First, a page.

A team of US researchers used a bioinformatics platform to screen roughly 6,000 human proteins to identify a number of off-target interactions that could explain why an HIV protease inhibitor has been found to have efficacy as a cancer therapy.
In a paper published this week in the online edition of PLoS Computational Biology, the scientists, from the University of California, San Diego, and Hunter College of the City University of New York, proposed that the anti-cancer effects of the drug, Pfizer's Viracept, stem from weak binding to multiple protein kinases upstream of the PI3K/AKT signaling pathway.
The drug, known generically as nelfinavir, is currently in a number of cancer clinical trials sponsored by the National Cancer Institute. The researchers are not association with the studies at this point, but PLoS CB lead author Philip Bourne said he plans to wait to see what kind of reaction the paper generates before possibly contacting NCI about further investigating the results.
The results of the PLoS CB study also suggest that multiple weak drug-target interactions could have a larger therapeutic effect than generally thought, particularly in the case of complex diseases like cancer, said Bourne, who is professor at UCSD's Skaggs School of Pharmacy and Pharmaceutical Sciences.
"The common wisdom has been to make something against one target – one drug, one target, one disease," said Bourne, who is also the associate director of the Protein Data Bank and the editor-in-chief of PLoS CB. "But clearly with something like cancer, given how much energy has been put into [studying it], and what we know about the disease, the idea that you have to have a sort of broad-scale approach to dealing with it just seems intuitively quite attractive."
To investigate the effects of drugs on such a broad scale, Bourne developed a so-called "structural proteome-wide off-target pipeline" — a computational technique for screening compounds against large numbers of proteins to determine their likely binding affinities.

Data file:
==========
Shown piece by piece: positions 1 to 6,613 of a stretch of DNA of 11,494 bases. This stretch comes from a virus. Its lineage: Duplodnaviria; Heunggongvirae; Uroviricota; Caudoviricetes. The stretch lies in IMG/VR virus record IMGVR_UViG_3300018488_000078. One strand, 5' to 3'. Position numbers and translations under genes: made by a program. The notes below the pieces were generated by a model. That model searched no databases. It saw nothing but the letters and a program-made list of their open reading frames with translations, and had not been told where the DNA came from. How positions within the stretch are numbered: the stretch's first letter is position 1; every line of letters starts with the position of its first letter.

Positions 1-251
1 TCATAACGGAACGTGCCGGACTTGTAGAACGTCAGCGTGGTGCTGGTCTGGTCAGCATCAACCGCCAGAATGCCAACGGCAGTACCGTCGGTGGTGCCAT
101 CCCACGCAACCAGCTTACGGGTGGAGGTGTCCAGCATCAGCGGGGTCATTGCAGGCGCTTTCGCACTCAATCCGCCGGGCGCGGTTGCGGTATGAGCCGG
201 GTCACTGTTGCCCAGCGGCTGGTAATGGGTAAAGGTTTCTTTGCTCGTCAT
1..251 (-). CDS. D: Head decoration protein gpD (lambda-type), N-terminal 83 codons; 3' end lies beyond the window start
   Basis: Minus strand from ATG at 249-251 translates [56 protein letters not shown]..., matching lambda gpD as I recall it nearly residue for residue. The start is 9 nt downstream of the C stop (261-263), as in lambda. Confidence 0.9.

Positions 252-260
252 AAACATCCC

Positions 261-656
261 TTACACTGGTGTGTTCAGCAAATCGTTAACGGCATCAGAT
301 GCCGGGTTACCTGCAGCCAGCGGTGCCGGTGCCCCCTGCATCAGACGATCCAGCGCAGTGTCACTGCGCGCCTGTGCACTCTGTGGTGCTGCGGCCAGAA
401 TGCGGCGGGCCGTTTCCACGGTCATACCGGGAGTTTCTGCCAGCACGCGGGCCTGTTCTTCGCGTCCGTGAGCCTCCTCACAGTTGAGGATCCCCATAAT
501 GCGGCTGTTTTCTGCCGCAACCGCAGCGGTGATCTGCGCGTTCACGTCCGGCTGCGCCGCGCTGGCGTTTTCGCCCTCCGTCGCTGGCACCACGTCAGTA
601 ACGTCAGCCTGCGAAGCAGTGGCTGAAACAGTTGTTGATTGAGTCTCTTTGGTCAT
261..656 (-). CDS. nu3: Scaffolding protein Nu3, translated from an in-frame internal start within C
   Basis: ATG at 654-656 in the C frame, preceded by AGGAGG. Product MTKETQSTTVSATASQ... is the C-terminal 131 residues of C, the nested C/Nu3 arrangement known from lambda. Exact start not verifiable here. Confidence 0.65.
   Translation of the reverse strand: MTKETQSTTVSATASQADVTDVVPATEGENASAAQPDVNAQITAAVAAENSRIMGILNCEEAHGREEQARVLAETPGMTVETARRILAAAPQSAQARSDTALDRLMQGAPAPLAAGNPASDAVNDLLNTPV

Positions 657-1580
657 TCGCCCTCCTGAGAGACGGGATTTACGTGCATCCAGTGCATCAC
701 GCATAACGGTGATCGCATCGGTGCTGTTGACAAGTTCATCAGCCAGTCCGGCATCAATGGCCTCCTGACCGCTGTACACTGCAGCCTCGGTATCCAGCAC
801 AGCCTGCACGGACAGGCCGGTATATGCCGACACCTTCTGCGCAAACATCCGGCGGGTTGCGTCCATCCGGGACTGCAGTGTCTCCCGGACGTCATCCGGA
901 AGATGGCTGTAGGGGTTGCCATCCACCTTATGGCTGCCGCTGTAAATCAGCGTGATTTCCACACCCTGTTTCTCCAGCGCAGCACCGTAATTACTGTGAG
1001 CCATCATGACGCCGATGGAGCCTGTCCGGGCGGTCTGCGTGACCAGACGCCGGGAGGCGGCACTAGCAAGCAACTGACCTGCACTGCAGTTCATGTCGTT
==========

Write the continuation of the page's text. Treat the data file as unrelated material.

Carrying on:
The process is "like reverse-engineering drug discovery," he told ProteoMonitor. "Instead of taking one receptor and a large library of small molecules and doing high-throughput screening to find the right small molecule, we're taking a known small molecule and a known protein and asking what other proteins it binds to."
Starting with an initial drug-protein pair, the researchers screen a structural proteomic database for proteins with binding sites similar to the initial target's. Upon finding potential matches, they identify the intrinsic ligands associated with these similar proteins and perform "cross-docking studies" — statistical analyses that define the likelihood that the ligand of one protein will fit in the binding site of the other protein. If the match looks promising in silico, they then investigate the compound-protein binding in vitro.
In the case of nelfinavir, the researchers identified off-target binding to a number of receptor tyrosine kinases involved in upstream regulation of the PI3K/AKT pathway. Their modeling also predicted that the drug would inhibit insulin-like growth factor 1 receptor, which could explain the insulin resistance that has been observed as a side effect of nelfinavir, the authors noted.
According to Bourne, his team "regard[s] everything we do in the computer as a hypothesis," noting the difficulties inherent in translating results of an in silico model to an actual biological system.
"The attrition rate is huge," he said. "That's one of the main reasons why [pharmaceutical companies] don't have more drugs on the market."